In the wake of a dramatic increase in migrants seeking asylum in the United States, there has been no shortage of tragic stories. Many families face the worst outcomes on their trip to reach the border: extortion, robbery, kidnapping, assault, mutilation, and murder. Those who make it to the border may then face a new range of dangers, including the harsh climate of the American South.
So when a story broke in 2019 about a six-year-old dying of heat stroke while crossing the Arizona Desert with her family group, the headline read tragic but also familiar. However, there was one unexpected element that captured the public’s attention: the girl was Indian.
What caught the public — and many immigration experts — by surprise is that there is an increasing trend in migrants coming not from Latin America but from India. Many Indians are fleeing the rise in violent persecution and “strong-arm” tactics being used by extremists who sympathize with the current BJP ruling party’s staunchly Hindu-supremacist objectives.
Others are simply reading the writing on the wall: India no longer offers the opportunities they seek, and before things get worse, they want to go to the United States — the country famous for its acceptance of people of varying backgrounds and beliefs.
Rise in Sikh, Indian Asylum Seekers Coincides With Overall Spike in Border Crossings
Many Americans (at least those who pay attention to legitimate news sources) understand that the story of unauthorized border crossings is far different in the 21st century compared to the 20th. When border crossings skyrocketed in the 90s, most entrants were adults seeking to boost their work income. But by 2007, the majority of undocumented U.S. residents had entered the country legally and then stayed beyond their temporary visas. With the 2009 recession, the prospect of entering the country just to send a paycheck back home became less appealing, and the undocumented immigrant population began to fall.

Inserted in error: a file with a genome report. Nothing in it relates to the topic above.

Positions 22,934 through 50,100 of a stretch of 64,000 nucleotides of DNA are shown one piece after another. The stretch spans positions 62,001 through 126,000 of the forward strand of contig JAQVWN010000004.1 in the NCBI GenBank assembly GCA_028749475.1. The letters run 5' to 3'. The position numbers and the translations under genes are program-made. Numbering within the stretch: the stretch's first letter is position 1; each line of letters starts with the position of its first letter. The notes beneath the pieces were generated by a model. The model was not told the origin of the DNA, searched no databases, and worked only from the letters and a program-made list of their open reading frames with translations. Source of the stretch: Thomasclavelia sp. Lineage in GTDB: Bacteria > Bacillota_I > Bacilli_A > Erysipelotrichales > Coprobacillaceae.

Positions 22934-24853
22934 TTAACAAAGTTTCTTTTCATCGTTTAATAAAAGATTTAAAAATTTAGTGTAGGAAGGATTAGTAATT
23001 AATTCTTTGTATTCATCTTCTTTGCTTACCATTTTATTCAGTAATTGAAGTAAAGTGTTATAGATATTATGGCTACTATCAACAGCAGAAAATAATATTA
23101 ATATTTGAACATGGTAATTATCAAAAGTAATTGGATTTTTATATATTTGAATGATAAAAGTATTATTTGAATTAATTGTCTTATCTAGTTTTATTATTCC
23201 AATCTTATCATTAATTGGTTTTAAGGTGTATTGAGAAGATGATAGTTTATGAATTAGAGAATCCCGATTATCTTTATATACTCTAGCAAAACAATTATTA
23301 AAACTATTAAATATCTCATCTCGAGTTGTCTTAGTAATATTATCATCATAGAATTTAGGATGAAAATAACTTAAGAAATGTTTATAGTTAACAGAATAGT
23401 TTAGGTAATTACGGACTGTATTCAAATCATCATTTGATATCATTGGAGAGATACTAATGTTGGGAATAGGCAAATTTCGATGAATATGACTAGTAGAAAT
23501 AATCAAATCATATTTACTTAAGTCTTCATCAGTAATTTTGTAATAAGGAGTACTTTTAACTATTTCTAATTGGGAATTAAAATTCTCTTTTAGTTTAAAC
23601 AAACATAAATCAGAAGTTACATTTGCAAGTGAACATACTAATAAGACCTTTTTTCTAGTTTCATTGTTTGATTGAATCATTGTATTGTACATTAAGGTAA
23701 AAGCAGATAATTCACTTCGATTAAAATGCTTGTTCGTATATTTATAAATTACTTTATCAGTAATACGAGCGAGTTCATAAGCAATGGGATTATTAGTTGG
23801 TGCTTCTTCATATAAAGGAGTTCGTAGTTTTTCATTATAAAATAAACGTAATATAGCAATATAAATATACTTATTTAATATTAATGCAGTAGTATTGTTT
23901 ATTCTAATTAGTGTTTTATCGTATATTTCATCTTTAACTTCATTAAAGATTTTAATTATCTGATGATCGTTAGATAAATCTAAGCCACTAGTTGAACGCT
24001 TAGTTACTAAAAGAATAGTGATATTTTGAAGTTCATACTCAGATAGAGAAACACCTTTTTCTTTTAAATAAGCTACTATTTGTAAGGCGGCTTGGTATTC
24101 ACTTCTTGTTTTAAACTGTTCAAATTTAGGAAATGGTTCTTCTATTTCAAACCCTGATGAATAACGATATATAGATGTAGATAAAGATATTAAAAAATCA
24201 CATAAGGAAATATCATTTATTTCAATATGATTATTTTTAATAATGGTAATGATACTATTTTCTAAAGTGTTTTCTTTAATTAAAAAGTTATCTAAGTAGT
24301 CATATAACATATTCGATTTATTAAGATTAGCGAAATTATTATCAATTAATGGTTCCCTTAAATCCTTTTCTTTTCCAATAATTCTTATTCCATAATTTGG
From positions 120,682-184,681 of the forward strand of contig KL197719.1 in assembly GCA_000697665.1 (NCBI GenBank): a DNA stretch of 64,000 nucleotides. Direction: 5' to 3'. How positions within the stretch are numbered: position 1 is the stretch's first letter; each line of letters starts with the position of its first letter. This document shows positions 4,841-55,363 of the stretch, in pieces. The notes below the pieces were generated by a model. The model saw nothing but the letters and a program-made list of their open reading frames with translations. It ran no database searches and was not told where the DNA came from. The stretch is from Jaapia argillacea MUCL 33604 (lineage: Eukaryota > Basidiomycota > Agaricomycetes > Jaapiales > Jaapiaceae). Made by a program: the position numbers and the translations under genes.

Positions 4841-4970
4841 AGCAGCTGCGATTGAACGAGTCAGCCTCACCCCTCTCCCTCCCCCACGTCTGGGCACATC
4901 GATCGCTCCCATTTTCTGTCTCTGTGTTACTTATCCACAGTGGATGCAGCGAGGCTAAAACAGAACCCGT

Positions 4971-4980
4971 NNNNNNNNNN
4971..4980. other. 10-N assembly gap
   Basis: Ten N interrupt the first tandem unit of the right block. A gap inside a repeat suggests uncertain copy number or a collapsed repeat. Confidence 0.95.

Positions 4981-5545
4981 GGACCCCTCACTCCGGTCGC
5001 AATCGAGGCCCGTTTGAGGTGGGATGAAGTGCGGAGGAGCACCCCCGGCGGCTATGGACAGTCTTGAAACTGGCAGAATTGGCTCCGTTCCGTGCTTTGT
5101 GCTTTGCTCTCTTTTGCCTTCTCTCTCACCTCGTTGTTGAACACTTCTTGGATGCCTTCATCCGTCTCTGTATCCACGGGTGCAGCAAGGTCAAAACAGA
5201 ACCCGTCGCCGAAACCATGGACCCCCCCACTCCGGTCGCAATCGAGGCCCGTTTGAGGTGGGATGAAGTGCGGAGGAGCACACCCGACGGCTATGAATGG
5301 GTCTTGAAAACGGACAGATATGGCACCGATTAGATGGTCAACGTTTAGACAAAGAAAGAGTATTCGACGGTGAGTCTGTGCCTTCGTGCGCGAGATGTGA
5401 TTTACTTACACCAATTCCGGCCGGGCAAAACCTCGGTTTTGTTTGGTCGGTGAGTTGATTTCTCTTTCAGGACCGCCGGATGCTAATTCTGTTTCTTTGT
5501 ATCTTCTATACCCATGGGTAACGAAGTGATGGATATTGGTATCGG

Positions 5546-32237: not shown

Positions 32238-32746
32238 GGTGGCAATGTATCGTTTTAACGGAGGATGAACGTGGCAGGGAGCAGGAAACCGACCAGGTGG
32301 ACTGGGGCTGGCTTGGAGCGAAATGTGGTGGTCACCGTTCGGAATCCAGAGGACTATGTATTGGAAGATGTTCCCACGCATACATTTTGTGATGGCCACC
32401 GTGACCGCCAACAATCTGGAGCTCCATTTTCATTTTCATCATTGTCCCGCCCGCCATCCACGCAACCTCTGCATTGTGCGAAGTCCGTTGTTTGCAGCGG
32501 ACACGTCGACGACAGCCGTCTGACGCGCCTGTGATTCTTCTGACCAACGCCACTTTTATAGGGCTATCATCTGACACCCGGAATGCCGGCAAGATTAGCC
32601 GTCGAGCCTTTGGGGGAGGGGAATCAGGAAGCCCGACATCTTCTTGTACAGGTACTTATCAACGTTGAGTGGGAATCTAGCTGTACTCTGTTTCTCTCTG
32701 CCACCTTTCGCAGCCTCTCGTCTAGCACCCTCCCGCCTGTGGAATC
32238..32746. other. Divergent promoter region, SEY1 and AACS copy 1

Then, a new trend emerged. Growing instability in Central and South America displaced millions, spurring many to seek entry to the United States under the possibility that they may be permitted to reside under the asylum program. Most of these migrants were families with young children, fleeing countries experiencing gang warfare, political unrest, and economic devastation. Instead of dodging agents at the border, these families would seek them out, surrendering themselves and then applying for asylum as a deportation defense.
As CBS News reported in April 2023, “the unprecedented levels of migrant apprehensions recorded along the U.S.-Mexico border over the past years have coincided with a historic displacement crisis in the Western Hemisphere, where countries beset by economic and political tumult, such as Venezuela, have seen record numbers of their citizens flee north.”
Border encounters of families and unaccompanied minors soared from 2010 onward, and as they did, a booming underground industry of smuggling people up through Central America grew with it. An entire network of backdoor flights, bus routes, and grueling hiking trails leads from countries like Panama, El Salvador, and Guatemala into Mexico. Once in Mexico, families continue to face dangers, with some individuals being kidnapped or even massacred. Without a home to return to or anyone to protect them, these aspiring asylum seekers are regularly preyed upon.
How a Sikh Girl Ended Up in the Arizona Desert